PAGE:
Joseph Leahy

Reporter

Leahy anchors St. Louis Public Radio's weekday afternoon newscasts and produces news on local and regional issues. He previously produced and reported news for WERS 88.9 FM in Boston and is a former correspondent for the Boston Globe’s online news section, "Your Town." He holds a master's degree in print and multimedia journalism from Emerson College in Boston.  

Born in Kansas City, Mo., Joseph grew up migrating almost annually with his family between two disparate homes: rural Missouri and sprawling Los Angeles. He attended the University of California before transferring to the University of Missouri to complete a bachelor's degree in English.

Pages

Business
2:23 pm
Tue November 26, 2013

$900,000 Grant Going To Minority Business Enterprises In St. Louis Region

Minority Business Development Agency national director David Hinson.
(Joseph Leahy/St. Louis Public Radio)

The Department of Commerce is giving nearly $1 million to promote minority business enterprises, or MBEs, in the St. Louis region.

The $900,000 grant announced Tuesday will establish a business center to provide minority entrepreneurs and business owners with contract and financing opportunities, bonding services and executive training.

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Business
6:49 pm
Fri November 22, 2013

Union Opposes Police HQ Contractor With Criminal Past

Members of the International Brotherhood of Electrical Workers Local 1 protest outside the future headquarters of the St. Louis Metropolitan Police Department.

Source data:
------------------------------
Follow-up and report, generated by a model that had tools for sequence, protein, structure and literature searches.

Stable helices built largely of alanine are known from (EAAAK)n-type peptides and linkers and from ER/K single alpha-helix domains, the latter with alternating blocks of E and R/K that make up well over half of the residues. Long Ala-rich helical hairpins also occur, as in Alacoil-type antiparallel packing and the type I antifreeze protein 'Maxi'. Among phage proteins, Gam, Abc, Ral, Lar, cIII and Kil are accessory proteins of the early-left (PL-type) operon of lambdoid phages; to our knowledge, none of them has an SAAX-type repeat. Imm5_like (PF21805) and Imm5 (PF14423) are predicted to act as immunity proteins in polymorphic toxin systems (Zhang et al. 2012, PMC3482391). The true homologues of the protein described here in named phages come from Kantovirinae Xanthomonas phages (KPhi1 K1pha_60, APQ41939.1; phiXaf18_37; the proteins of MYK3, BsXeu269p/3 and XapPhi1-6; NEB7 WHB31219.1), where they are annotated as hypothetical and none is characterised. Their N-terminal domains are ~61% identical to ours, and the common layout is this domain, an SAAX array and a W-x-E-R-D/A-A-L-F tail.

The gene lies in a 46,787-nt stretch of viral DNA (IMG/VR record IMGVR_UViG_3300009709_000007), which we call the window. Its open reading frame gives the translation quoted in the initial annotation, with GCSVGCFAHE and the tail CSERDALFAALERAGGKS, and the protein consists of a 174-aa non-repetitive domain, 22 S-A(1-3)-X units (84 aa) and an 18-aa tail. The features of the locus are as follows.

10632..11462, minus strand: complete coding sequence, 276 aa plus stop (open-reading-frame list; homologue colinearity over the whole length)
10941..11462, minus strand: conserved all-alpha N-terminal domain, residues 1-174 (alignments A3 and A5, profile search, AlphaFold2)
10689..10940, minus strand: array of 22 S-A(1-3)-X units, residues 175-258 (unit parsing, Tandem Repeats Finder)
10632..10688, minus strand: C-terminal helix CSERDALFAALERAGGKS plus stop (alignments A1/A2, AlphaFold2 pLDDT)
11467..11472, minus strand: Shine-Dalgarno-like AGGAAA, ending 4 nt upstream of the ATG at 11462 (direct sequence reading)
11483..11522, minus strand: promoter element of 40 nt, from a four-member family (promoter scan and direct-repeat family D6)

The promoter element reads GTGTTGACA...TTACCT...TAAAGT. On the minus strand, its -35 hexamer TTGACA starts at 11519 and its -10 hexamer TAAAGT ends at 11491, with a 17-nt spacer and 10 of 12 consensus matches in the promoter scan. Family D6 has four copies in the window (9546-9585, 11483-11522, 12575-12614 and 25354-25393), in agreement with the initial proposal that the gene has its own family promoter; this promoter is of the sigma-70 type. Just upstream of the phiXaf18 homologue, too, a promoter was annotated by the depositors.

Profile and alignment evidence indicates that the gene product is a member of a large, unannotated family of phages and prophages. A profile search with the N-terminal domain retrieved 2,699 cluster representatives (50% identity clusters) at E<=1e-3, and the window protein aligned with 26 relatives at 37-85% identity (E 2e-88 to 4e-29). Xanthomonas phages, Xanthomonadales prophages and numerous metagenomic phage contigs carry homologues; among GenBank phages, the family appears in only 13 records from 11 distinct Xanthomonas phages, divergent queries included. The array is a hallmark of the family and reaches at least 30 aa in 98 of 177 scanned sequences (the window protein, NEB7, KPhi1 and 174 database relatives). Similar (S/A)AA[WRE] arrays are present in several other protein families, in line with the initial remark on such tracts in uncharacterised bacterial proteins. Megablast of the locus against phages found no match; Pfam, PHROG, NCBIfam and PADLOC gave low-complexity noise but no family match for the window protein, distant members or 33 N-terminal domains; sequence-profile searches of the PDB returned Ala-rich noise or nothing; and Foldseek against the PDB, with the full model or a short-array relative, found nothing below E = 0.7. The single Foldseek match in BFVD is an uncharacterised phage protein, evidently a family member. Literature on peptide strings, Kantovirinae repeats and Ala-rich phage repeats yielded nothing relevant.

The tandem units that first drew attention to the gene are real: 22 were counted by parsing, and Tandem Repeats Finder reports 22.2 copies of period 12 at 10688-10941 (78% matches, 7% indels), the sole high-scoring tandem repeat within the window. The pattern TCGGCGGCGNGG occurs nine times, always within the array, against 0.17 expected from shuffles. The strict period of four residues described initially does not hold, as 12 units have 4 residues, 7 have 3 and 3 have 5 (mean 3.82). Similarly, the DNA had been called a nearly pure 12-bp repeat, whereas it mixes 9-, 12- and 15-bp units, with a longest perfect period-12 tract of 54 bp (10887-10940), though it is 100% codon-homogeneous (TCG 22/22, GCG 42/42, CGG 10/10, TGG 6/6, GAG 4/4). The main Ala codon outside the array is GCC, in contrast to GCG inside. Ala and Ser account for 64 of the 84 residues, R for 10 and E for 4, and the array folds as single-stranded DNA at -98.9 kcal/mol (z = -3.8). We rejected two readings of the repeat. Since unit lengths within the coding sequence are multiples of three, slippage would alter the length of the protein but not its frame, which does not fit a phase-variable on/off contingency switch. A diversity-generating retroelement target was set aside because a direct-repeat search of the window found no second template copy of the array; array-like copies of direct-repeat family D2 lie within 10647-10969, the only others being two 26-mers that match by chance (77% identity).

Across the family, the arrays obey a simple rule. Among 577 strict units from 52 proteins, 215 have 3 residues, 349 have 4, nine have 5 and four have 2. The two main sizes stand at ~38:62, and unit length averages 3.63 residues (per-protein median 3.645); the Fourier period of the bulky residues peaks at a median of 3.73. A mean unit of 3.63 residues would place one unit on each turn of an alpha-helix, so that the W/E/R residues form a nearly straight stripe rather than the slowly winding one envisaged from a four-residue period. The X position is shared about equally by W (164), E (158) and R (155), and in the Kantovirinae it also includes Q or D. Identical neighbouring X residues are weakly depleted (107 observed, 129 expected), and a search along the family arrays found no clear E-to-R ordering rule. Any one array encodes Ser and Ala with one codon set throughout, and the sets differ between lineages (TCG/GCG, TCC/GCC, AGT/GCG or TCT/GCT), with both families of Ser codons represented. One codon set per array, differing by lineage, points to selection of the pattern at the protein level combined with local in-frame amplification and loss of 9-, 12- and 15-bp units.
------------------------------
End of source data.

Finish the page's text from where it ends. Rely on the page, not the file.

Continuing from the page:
John R Kahrhoff IBEW Local 1

A local union is protesting a sub-contractor working on St. Louis’ new police headquarters.  Local 1 of the International Brotherhood of Electrical Workers opposes Thomas Ruzicka who has been convicted of embezzling more than $100,000 from former employees.

The union's business manager Frank Jacobs says Ruzicka is a license holder for R E Contracting that is handling about $1.2 million worth of electrical work for the downtown building. 

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East St. Louis
8:40 pm
Wed November 20, 2013

East St. Louis Pays Down Decades-Old Bonds

A survey released by Creighton University shows continued economic growth for the near future, though no real expectation for increased employment. (via Flickr/ Rob Lee)
Flickr/Rob Lee

East St. Louis has paid off more than $20 million in bonds it’s owed Illinois for nearly two decades.

Mayor Alvin Parks Jr. says the $21.4 million it borrowed 19 years ago helped bail out the city in a time of crisis, but paying them off has been a financial burden ever since.

“This is a huge deal,” he said. “What it does is send a message that East St. Louis has handled its responsibilities to the state of Illinois and we have never defaulted on our loan from the state of Illinois in terms of refinancing the bonds.”

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Central Riverfront Project
6:47 pm
Thu November 14, 2013

Arch Riverfront Redevelopment Begins

City officials and developers shovel soil in a ceremonial groundbreaking Thursday at the Riverfront Overlook Stage between the Gateway Arch and the Mississippi River.
Joseph Leahy St. Louis Public Radio

An effort to improve safety and access between the Gateway Arch and the riverfront has begun. City leaders and developers kicked off construction Thursday afternoon on the second phase of redeveloping the Arch grounds.

The $33-million project, centered along Leonor K. Sullivan Bvld., will elevate the corridor by nearly three feet to reduce flooding as well as add bike paths, walkways, better lighting and landscaping.

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Animal Welfare